The corporate identity concept is also used insofar as the names of artists are designed in an unmistakable form and virtually function as a logo . Examples are the bands AC / DC , Chicago and Iron Maiden .
The cover text is the descriptive text about the content of a record, previously often printed in several columns on the back of the record cover. A music critic close to the respective artist was often commissioned to write background information and descriptions of the recordings. In particular, the instrumental accompaniment ( session musician , sideman ), discographic information on the history of the creation, texts of the pieces of music and personal information about the performers were given. With today's CD formats, the liner notes are included as an accompanying booklet ( CD booklet ).
In jazz in particular, there are often very detailed accompanying texts that are usually written by experts. These are mostly producers, journalists or authors. The best-known authors of liner notes include Ira Gitler , Leonard Feather and Orrin Keepnews . On other recordings, such as Miles Davis ' Kind of Blue , the liner notes also come from the musicians involved (in the aforementioned case Bill Evans ). Some of the first liner notes were written by George Avakian in 1939 ( Chicago Jazz ).
The authors often begin by explaining musical contexts. (Number of bars, key and gender , rhythm, expressivity, form of a piece, often for each individual piece). Marketing is sometimes taken ironically and is often indistinguishable from the author's actual enthusiasm for jazz.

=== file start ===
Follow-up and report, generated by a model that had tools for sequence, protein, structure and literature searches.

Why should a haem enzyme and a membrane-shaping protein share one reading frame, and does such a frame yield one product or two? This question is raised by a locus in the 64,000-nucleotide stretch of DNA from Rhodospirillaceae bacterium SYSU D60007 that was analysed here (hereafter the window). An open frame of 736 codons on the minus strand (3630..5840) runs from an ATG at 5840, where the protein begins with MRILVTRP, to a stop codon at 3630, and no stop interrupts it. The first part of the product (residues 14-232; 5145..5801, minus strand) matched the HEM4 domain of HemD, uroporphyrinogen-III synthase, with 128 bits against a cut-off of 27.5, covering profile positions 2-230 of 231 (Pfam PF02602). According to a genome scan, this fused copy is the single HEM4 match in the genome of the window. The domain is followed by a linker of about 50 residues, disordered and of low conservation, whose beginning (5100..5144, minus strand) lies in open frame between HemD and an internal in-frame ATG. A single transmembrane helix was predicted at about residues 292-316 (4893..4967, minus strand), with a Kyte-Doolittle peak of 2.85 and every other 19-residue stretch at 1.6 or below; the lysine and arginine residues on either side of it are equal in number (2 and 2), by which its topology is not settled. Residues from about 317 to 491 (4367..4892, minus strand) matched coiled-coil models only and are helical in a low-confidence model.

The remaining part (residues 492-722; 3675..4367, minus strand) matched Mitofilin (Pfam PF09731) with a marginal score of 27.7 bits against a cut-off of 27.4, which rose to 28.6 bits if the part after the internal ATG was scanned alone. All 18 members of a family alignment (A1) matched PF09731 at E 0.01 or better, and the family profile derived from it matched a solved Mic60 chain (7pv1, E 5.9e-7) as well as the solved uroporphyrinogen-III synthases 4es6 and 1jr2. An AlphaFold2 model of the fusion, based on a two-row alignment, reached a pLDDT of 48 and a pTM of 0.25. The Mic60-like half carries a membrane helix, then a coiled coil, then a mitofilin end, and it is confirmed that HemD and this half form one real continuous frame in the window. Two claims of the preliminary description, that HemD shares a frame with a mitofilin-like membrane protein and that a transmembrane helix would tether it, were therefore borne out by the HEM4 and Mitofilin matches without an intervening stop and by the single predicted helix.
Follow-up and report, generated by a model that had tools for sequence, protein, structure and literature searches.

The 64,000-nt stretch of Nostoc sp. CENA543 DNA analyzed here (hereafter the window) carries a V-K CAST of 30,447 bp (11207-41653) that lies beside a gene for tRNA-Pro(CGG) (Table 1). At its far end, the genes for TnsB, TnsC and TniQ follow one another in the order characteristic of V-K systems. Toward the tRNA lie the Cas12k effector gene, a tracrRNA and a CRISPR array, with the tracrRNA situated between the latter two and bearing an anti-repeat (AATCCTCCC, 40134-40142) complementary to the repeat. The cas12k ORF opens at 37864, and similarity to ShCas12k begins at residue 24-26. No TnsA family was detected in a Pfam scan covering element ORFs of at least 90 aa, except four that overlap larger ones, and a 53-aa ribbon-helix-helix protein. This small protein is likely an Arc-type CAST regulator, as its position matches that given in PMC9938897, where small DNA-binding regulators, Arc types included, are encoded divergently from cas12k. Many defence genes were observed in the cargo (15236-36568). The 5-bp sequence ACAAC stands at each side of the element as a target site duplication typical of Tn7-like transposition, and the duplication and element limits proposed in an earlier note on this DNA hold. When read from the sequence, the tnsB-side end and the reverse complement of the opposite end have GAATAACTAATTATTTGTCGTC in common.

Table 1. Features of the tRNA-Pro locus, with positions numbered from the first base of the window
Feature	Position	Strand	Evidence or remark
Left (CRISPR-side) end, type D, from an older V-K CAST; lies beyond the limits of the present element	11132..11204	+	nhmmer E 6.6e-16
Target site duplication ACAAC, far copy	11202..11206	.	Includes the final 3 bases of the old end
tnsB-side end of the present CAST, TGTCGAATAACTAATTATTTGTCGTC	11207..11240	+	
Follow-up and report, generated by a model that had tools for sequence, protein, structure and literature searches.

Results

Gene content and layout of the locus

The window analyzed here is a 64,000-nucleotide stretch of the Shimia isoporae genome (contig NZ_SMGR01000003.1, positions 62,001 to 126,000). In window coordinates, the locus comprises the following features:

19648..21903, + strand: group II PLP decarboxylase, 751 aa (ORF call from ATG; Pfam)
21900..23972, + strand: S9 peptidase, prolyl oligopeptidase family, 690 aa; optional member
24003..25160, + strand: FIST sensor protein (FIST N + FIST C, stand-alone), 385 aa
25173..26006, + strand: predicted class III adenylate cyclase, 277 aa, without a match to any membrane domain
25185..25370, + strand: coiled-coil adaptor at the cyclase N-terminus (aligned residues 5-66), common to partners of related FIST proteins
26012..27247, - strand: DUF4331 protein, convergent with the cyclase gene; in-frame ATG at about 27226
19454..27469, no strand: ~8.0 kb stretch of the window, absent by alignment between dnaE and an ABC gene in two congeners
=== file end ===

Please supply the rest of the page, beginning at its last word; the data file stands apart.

In contrast to the blurb of books, comments or interviews with the musician are rather rare. The quality of the liner notes in jazz is sometimes used as a benchmark in the rock and pop genre. In the case of re-releases , the success and influence of the original edition are usually also the subject of the liner notes.
The Grammy Award for Best Album Notes has been presented for accompanying texts since 1964 .
In the field of classical music , detailed accompanying texts by experts are also commonplace. There are often detailed music-historical or musicological explanations of the respective works, the composer and, in some cases, the interpreters. Depending on the sales area of the record, the texts are often available at the same time as translations into other languages.
- Michael Glasmeier, Ursula Block: Broken Music. Artists' Recordworks. Berlin artist program of the DAAD. Yellow Music, Berlin 1989, ISBN 3-89357-013-6 .
- Klaus Gier: Andy Warhol's record and cover design . Peter Lang, Frankfurt am Main a. a. 2001, ISBN 3-631-37418-6 .
- Antonia Kosseva-Göldi: Sound packed: record sleeves and their special preservation and restoration problems - with special consideration of laminated sleeves. HKB Bern 2012. Master's thesis.
- Michael Ochs: 1000 Record Covers. Taschen-Verlag, Cologne 2002, ISBN 3-8228-1978-6 .
- Burkhardt Seiler and Friends (Ed.): The Album Cover Art of Punk. Olms, Zurich 1998, ISBN 3-283-00355-6 .
- Martina Schmitz: Album Cover: History and aesthetics of record packaging in the USA after 1940. Designer - styles - content. Scaneg Verlag, Munich 1987, ISBN 3-89235-019-1 .
- Kevin Reagan, Steven Heller: Alex Steinweiss, The Inventor of the Modern Album Cover. Taschen-Verlag, Cologne 2011, ISBN 3-8365-2771-5 .
- Cf. Christian Meyer: The Wrapping Artist. (For the 70th return of the invention of the record cover). Süddeutsche Zeitung , No. 256, November 6, 2009, p. 10.
- Peter Blake: Notes on the cover , in the booklet for the Sgt. Pepper album, CD edition from 2009, EMI Records.
- A comprehensive lexicon of pop & rock music basic information in over 2000 drawers by Bruce Bruckmoser & Peter Wulff, Graphics & Typography, Frontenhausen, book edition: ISBN 3-9804816-2-X Ebr, here online .